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Garmin disappoints the Street

Boyd 1955 Points
edited November -1 in GPS Discussions
Stock is down about 4% today on the release of 4th quarter earnings. Automotive sales dropped 6% and mobile dropped 25% (is this is due to discontinuing the Garminfone and Nuvifone?).

But sports/outdoor/aviation/marine sales are all still doing well. At least Garmin has these to fall back on, unlike TomTom. :)

http://www.bizjournals.com/kansascity/news/2013/02/20/garmin-takes-hit-in-fourth-quarter.html

Comments

  • I would guess the smartphone is cutting into the market for most people. I personally haven't had my joy using an iPhone as a GPS so I'll always stick with a dedicated device. Same as with cameras. But I think it is a sure bet that CPS will decline somewhat with more smartphone capability.

    John
  • It comes down to price and no doubt that smartphones are eating into the marketshare.

    Dedicated GPS units need to come down in price for people to buy them.
    Theres less and less incentive on buying a car GPS for $300, when with nowadays phones as powerfull as they are its possible to install offline maps and buy decent navigation application for much less and have same if not better experience.
  • Boyd 1955 Points
    Well I think this has already happened, you can get a Nuvi 40LM with 4" screen and lifetime maps for a little over $100, even less if you catch a sale. The $300 models are more specialized, like the Nuvi 3590 LMT and have a 5" screen which most smartphones don't. Or there are expensive handheld devices like the Montana. A phone is never likely to replace these since they're designed to be rugged. And Garmin is still doing very well with them.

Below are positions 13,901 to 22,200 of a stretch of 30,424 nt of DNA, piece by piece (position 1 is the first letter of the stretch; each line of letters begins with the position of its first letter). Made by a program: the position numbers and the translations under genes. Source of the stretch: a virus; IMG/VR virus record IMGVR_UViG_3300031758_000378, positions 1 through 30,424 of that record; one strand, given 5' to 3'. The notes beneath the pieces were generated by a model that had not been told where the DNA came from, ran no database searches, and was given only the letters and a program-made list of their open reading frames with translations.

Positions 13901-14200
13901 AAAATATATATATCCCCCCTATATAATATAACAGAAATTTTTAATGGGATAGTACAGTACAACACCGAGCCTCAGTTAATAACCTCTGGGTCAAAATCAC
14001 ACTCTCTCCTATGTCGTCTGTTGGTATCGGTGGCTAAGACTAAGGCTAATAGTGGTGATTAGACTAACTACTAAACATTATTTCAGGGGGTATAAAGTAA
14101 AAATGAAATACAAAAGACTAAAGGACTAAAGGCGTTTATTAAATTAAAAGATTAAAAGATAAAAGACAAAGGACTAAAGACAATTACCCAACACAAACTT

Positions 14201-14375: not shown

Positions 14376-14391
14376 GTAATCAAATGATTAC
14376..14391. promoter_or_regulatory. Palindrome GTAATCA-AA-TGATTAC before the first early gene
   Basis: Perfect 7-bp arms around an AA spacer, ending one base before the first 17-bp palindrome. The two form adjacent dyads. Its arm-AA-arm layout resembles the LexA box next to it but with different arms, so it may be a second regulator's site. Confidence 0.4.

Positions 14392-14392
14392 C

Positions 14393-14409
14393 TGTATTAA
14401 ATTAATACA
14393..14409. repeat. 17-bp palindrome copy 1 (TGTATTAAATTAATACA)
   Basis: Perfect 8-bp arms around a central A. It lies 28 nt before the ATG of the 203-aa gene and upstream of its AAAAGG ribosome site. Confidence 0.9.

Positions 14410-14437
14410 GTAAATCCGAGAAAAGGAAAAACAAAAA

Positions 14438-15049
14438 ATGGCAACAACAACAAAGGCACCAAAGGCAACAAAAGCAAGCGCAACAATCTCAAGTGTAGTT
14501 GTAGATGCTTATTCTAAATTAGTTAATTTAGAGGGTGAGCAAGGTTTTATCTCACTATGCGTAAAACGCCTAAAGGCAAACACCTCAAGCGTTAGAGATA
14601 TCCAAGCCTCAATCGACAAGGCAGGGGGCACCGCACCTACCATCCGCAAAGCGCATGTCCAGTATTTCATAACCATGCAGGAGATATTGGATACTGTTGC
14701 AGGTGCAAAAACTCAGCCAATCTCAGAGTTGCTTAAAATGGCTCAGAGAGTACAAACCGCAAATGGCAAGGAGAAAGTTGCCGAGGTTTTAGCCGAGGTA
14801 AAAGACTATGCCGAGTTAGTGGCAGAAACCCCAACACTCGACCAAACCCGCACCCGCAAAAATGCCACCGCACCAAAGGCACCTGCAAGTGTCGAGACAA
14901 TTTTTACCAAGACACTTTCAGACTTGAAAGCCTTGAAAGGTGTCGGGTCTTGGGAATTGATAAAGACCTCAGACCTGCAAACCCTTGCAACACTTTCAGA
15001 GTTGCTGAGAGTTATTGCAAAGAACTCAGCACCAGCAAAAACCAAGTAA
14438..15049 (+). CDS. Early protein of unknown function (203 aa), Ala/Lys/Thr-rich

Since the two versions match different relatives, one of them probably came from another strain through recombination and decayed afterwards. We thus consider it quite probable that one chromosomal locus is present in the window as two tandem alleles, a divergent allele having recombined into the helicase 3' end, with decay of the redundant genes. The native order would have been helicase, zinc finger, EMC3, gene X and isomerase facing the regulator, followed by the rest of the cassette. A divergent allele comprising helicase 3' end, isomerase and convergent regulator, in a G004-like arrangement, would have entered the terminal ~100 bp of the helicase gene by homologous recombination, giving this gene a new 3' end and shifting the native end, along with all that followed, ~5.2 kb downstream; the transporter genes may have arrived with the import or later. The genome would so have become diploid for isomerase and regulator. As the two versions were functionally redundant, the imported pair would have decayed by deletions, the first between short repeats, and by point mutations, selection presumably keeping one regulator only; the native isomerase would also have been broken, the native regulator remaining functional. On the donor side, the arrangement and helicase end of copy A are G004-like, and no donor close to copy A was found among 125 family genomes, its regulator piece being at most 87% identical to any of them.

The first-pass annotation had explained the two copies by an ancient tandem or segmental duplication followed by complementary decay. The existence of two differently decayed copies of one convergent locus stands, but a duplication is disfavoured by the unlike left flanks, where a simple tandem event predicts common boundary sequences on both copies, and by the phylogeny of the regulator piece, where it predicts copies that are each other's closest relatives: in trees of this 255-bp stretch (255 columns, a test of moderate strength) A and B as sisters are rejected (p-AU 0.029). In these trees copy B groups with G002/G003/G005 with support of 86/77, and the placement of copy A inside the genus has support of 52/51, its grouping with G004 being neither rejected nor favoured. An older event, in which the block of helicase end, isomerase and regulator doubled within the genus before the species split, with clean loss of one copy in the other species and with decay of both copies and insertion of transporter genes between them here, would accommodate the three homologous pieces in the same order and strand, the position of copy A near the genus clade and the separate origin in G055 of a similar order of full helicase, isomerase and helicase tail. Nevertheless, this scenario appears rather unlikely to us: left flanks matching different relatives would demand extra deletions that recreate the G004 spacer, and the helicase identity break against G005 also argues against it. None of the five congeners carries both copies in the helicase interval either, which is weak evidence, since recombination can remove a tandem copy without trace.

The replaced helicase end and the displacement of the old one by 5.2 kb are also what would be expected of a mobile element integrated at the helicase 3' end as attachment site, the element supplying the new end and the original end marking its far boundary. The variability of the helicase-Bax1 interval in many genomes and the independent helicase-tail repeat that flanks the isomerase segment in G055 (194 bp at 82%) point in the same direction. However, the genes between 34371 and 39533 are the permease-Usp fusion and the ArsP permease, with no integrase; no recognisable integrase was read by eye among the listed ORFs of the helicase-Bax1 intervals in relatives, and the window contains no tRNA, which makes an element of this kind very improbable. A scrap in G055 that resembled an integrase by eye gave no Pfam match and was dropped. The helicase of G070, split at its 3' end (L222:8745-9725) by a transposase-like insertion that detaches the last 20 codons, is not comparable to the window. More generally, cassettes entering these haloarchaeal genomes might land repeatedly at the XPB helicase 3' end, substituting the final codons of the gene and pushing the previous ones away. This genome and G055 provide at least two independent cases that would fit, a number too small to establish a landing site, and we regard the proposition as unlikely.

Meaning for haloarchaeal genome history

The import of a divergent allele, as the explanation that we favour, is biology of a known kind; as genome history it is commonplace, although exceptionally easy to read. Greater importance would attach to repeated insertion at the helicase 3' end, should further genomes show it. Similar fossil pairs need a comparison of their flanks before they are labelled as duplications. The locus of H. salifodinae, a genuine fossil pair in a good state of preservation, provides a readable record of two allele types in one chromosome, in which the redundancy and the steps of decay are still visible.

I have an iPhone and don't care for it as a GPS, screen is too small. Maybe I would be happier with a larger phone though?

    Funny however, my phone really has replaced my camera's for snapshot use. I bought a little Canon Digital Elph for that a number of years ago and have not used it since I got an iPhone 4 two years ago. The phone isn't quite as good, but it's always there when I need it and so easy to use. Even worse, I have a closet full of very expensive professional still and HD video gear that I almost never use also.
  • Exactly Boyd.
    Sure the 40Lm is at a decent price but look what you are getting... not a whole lot of GPS I'd say.

    You are right screen size matters and phones are getting bigger and bigger, 4' now 5 and even 7 inches with amazing screens.
    Garmin needs to drop those prices if they want to continue to seel GPS.
  • Boyd 1955 Points
    A phone with a 7 inch screen? Have never seen anything like that myself! The Samsung Galaxy Note has a 5.3" screen and the reviews I've seen said it was awkward to use as a phone.
  • But sports/outdoor/aviation/marine sales are all still doing well. At least Garmin has these to fall back on, unlike TomTom.